AbstractsPhilosophy & Theology

Martin Heidegger's account of the nature of man

by Robin Small

Institution: Australian National University
Year: 2013
Record ID: 1041344
Full text PDF: http://hdl.handle.net/1885/10328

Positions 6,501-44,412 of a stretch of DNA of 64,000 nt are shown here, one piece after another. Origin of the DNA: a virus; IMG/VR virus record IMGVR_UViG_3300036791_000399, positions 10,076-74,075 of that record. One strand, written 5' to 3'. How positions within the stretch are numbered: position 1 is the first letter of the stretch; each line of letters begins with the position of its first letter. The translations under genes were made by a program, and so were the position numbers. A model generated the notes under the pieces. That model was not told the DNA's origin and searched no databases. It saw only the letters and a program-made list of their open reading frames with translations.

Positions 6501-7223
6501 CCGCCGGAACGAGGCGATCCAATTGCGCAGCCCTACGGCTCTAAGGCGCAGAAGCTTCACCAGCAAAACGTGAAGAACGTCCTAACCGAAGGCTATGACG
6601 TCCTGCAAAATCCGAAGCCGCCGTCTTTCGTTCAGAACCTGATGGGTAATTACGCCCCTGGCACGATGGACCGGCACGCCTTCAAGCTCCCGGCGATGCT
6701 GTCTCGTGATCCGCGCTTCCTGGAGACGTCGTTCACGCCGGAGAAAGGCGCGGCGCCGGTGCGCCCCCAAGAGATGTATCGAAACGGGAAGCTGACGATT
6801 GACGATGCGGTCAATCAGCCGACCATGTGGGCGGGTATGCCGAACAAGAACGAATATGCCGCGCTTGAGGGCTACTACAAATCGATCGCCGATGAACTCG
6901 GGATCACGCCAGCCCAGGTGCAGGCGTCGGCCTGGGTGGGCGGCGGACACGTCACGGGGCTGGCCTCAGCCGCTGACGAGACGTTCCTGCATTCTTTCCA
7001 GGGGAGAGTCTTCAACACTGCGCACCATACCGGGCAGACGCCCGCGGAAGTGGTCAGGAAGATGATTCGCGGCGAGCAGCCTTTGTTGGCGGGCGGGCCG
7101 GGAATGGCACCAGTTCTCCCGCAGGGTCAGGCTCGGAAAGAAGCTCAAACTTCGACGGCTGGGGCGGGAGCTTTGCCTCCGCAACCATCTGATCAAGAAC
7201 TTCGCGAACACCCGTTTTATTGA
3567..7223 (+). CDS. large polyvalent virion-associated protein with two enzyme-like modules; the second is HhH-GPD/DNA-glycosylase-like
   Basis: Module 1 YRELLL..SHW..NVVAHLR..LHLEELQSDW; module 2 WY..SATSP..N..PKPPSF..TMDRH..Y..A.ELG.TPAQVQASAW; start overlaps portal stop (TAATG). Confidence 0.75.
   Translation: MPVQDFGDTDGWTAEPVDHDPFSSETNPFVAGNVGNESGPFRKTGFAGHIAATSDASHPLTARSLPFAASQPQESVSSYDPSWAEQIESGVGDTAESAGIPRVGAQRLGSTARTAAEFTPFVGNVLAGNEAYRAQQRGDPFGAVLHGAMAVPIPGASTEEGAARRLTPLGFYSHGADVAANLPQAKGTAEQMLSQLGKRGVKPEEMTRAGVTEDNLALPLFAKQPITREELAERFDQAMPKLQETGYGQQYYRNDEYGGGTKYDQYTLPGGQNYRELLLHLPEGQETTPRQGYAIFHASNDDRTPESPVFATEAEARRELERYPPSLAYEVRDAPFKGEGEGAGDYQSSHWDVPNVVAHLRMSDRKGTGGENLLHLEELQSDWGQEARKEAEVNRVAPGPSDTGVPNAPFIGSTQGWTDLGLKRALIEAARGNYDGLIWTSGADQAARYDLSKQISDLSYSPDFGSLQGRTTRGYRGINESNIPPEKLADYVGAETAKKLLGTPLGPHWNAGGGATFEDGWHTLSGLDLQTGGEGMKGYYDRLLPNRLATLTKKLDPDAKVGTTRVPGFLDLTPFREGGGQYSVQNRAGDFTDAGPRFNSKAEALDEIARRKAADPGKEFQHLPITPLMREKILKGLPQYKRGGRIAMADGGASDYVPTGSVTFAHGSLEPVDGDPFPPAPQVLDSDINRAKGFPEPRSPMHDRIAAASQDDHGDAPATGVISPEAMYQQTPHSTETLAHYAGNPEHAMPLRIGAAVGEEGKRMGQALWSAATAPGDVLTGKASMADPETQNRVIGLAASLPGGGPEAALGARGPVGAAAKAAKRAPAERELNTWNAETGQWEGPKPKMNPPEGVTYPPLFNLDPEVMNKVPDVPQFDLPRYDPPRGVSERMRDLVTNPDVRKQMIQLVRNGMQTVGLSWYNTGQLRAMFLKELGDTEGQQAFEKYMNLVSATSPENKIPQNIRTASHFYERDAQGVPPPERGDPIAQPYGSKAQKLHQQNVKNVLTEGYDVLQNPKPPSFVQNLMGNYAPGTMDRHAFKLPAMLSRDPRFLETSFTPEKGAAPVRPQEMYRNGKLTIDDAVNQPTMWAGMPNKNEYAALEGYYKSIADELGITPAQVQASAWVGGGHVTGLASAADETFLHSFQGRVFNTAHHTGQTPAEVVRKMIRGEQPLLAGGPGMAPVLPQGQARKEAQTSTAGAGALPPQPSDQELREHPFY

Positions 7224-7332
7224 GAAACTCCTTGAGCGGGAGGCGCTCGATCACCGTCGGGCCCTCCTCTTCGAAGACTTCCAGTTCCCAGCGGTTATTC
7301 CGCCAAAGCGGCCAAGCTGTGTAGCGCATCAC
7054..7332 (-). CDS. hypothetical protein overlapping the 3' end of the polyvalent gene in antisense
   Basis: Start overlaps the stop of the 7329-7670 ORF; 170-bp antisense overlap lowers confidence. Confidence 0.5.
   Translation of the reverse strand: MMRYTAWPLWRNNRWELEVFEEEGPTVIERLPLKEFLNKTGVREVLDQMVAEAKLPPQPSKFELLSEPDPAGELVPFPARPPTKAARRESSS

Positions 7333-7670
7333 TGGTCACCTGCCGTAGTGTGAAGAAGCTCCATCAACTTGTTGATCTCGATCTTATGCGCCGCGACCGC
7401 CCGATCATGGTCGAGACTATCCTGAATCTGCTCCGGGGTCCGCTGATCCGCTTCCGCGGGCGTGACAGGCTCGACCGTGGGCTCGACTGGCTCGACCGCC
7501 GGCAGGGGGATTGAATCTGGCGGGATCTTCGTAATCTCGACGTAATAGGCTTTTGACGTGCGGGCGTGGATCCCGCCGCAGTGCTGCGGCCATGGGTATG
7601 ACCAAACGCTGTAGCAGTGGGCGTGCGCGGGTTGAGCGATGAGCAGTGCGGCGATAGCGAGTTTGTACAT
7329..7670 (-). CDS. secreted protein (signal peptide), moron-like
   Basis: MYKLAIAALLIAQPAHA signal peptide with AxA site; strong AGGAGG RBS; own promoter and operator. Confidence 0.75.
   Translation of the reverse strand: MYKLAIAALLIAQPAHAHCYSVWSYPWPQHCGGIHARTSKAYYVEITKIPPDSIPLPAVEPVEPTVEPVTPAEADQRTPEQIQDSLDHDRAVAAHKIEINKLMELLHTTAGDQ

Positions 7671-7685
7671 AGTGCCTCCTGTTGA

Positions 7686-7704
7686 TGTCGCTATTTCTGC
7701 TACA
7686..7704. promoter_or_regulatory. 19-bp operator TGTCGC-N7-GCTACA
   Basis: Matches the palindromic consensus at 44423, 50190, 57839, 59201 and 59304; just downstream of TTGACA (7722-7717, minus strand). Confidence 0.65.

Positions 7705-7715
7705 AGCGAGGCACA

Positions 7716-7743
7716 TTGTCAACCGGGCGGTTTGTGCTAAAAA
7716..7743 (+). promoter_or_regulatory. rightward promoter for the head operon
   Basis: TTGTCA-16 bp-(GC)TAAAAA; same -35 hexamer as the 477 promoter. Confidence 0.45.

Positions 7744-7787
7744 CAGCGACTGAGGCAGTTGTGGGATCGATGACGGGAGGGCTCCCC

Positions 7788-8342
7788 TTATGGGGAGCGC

This thesis is a study of some major aspects of Martin Heidegger's conception of the nature of man. Central attention is given to Heidegger's major work, Sein und Zeit (1927). In the opening chapters, the context within which the theories presented in this work are to be understood is fixed through successive examinations of some important philosophical concepts. The first chapter looks into the notion of philosophical anthropology, and analyses Heidegger's attitude towards this philosophical discipline and towards the question "What is man?". In the second chapter Heidegger's description of his philosophy as an ontology is discussed, and it is argued that he can appropriately be seen as a thinker standing in the Kantian tradition of transcendental philosophy. In the next chapter Heidegger's links with the existential philosophy of Kierkegaard are discussed, and a general perspective is suggested for an understanding of the tasks of Heidegger's theory of human existence: it is the idea that Heidegger is attempting to present a 'this-worldly' philosophy which nevertheless preserves themes originating in a dualistic and religious mode of thought. The fourth chapter treats a number of aspects of the relationship between Heidegger and his phenomenological predecessor, Edmund Husserl. The problem of reconciling the existential and the ontological aspects of Sein und Zeit is explored here. The next two chapters are designed to supply a basic outline of Heidegger's conception of human existence, setting out the possible interpretations of his notion of existential possibility, and then moving on to look into the distinction between the authentic and inauthentic modes of existence. The seventh, eighth and ninth chapters focus on particular elements within Heidegger's general theory of the human being: the notions of temporality and of Being-towardsdeath, and the question of interpersonal relations. These last two are treated as 'test cases' for judging the adequacy of the Heideggerian concept of human existence. On the one hand, it is seen that Heidegger is prevented from offering any plausible account of the interpersonal sphere by his own fundamental assumptions. On the other hand, however, his theory of Beingtowards-death is defended against the criticisms of a number of his interpreters, and it is argued that this theory provides insights which are lacking in the traditional conception of human mortality. The difference between these findings suggests that it may be impossible to construct a theory of human existence which will be equally adequate to every aspect of the human being.